'Bernie Mopped the Floor With Hillary' in Charleston Debate

Alexander Reed Kelly
Associate Editor
In December 2010, Alex was arrested for civil disobedience outside the White House alongside Truthdig columnist Chris Hedges, Pentagon whistle-blower Daniel Ellsberg, healthcare activist Margaret Flowers and…
Alexander Reed Kelly

    Hillary Clinton and Bernie Sanders during a break in Sunday’s NBC News-YouTube Democratic presidential debate in Charleston, S.C. (Not pictured: candidate Martin O’Malley.) (Mic Smith / AP)

In the Sunday’s Democratic debate, Hillary Clinton tried to show voters she’s the “serious and sober candidate.” But “if there’s one thing we’ve learned about the political mood of the United States going into 2016,” writes former Bush speechwriter John Podhoretz at The New York Post, “it’s that the public doesn’t seem especially sober.”

“The country is in a rage, Democrats as well as Republicans, at the brokenness of our politics and the stagnation of the middle class,” Podhoretz continues. “Hillary cannot find a way to tap into that — and tapping into that is all Sanders does.”

[Clinton] had a genuinely creepy, Michael-Corleone-in-“Godfather 2” moment when she basically said “we’re both part of the same hypocrisy” after the third man in the debate, Martin O’Malley, criticized her for raising money on Wall Street.

She really doesn’t have a choice but to position herself as the insider’s insider, really, though she could do it more artfully. She talked about how O’Malley had gotten Wall Street donations when he was head of the Democratic Governors Association. “Well,” O’Malley replied, “I’m not getting them now.” […]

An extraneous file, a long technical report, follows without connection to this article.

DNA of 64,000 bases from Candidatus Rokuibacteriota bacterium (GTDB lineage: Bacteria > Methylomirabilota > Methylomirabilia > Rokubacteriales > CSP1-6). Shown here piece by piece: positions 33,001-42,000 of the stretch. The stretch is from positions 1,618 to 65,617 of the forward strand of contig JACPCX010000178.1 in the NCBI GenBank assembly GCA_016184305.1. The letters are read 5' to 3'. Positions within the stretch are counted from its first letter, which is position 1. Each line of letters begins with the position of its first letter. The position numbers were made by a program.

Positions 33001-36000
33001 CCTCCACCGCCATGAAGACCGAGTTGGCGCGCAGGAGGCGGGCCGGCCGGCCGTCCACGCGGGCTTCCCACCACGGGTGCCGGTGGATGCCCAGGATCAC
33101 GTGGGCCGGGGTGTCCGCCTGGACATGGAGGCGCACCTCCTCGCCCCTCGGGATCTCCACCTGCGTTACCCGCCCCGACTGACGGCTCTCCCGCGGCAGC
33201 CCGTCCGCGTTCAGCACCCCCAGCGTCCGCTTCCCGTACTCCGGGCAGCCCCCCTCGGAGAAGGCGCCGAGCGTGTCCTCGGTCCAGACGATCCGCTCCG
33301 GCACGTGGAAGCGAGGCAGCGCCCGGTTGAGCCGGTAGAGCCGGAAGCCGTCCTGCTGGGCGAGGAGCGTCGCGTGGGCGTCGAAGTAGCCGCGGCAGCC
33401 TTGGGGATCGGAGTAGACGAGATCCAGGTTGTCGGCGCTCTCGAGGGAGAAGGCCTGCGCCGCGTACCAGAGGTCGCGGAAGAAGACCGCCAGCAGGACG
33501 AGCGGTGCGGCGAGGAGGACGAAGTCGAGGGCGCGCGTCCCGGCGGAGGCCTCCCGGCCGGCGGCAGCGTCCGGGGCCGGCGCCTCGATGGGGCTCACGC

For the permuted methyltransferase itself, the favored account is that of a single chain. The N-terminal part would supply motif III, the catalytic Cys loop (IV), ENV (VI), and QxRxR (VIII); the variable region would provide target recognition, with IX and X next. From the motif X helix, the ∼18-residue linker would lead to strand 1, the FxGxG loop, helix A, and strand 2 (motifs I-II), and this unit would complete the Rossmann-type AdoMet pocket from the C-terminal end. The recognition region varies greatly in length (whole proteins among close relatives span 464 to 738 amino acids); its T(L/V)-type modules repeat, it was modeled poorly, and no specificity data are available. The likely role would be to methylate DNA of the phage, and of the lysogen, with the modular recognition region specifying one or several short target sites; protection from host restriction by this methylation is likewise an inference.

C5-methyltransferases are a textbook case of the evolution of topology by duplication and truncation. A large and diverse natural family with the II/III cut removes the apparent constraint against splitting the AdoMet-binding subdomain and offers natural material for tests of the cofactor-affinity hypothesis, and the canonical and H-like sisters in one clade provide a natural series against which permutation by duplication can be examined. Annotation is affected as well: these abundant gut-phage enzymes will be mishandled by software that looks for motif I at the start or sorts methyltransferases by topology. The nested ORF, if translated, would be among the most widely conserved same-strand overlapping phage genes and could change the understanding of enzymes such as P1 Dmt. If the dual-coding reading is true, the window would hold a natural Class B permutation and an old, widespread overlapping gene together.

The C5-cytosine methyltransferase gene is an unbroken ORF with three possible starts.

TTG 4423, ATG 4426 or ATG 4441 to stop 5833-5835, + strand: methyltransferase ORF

On health care, Clinton seemed to walk into a trap. She found herself defending the charge made (by her daughter!) that Bernie Sanders would dismantle ObamaCare.

He made incredibly short work of that by saying that he voted for ObamaCare and simply wants it to be the opening step toward what he calls “Medicare For All” — meaning a single-payer government health care system.

Once again, the fact that Hillary wasn’t comfortable taking that idea on directly shows the weakness of her anti-populist approach. She would say only that to raise new health care ideas would open a can of worms in 2017 that would give Republicans a way to abolish ObamaCare.

That criticism makes no sense. After all, the scenario she was addressing would involve Sanders having been elected president and sitting in the White House — which would mean he would have veto authority over any such Republican action and that the country had decided in 2016 to move farther to the left in any case.

Continue reading here.

— Posted by Alexander Reed Kelly.

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